Many purple perennials can be used to add a purple touch to your garden or landscape. Adding darker shades of purple lends a regal dignity to the landscape, while lighter lavenders may soften garden features. Purple perennials can be used to make eye-catching trellises, lacy meadow-like beds, attention-drawing driveways and ground covers for larger areas.
The pendulous lavender blooms of wisteria vines draped softly over a sturdy trellis or arbor create an inviting spring attraction that can become a focal point of your landscape. The bold, deep purple of clematis vines is another eye catcher that will adorn your trellis year after year in a display that requires only light pruning to maintain its attractiveness.
Rocky Mountain Meadows
The bluish-purple accent of Rocky Mountain meadows can be simulated for a rugged western look. Intermix deep blue Campanula glomerata, tall purple dame's rocket, pale bluish-purple lavender, and blue and white Colorado columbine with purple and yellow pansies and white ox-eye daisies for contrast. Provide a backdrop for your garden area by using with a split-rail fence. This display will make a light, lacy, meadow-like border that hints of western hospitality, tempting visitors to "come on in and set a spell."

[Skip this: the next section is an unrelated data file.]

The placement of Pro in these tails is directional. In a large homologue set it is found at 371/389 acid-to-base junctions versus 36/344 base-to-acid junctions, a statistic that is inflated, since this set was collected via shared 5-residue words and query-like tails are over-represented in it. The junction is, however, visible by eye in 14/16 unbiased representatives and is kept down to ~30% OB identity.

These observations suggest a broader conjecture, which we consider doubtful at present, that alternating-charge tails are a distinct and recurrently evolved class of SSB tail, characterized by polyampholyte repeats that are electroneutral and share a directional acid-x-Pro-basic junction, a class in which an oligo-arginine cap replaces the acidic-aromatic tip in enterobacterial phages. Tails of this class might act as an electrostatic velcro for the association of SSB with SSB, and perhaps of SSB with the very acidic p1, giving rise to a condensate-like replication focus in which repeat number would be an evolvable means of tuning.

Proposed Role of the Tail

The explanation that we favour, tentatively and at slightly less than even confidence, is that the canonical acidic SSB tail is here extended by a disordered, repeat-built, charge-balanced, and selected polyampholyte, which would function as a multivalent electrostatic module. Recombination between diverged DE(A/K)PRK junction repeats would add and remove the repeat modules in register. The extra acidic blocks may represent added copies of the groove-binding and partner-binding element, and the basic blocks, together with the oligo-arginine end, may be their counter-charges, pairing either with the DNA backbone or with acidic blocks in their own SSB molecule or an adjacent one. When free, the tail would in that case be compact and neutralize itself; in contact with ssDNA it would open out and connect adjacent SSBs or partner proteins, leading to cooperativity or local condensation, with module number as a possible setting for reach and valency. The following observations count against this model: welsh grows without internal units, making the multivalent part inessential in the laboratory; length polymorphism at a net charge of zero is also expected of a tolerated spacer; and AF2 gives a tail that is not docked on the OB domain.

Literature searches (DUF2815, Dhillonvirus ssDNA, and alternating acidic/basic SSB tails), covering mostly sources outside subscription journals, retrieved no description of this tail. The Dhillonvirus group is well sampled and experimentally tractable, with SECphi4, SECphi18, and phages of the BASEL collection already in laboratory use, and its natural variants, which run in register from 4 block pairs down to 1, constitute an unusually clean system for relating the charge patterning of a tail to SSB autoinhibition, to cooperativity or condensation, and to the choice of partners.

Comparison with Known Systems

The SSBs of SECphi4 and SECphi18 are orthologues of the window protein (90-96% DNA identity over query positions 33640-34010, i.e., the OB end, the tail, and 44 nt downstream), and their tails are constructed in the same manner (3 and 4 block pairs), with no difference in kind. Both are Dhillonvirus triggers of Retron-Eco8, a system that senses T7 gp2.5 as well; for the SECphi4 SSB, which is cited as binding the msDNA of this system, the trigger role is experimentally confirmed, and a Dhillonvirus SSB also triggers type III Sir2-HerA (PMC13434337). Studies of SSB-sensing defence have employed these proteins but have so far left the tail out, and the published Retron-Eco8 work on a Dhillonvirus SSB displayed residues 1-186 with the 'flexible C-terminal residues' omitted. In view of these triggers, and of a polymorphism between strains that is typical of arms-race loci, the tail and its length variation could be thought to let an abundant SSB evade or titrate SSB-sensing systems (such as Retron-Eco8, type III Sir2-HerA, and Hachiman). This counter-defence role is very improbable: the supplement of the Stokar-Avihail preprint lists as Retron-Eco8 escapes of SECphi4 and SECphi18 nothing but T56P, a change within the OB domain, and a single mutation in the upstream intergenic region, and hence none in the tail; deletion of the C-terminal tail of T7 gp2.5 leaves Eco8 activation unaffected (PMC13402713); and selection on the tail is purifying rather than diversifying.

Let lilacs stand sentinel on either side of your driveway entrance for a bold display of purple that will make your driveway stand out to passersby and put off a fragrant greeting for all who choose to enter. Lilacs are available in shades from light lavender to deep, royal purple. To increase blooming the following year and give lilacs a more uniform shape, lightly pinch back above points where buds are forming, and cut out dead or weak wood after blooms are spent.
The lilac mauve clusters of scaevola form mats 4 to 6 inches tall that eventually reach 3 to 5 feet in diameter, bursting with wide, fan-shaped flowers. These clusters can provide a evergreen ground cover that will bloom nearly year round in mild climates. Ground morning glory also provides a lavender-blue ground cover 1 to 2 feet high. It will spread to 3 feet or more from June to November. The lavender-blue, ½-inch blooms of catmint make an attractive summer ground cover display.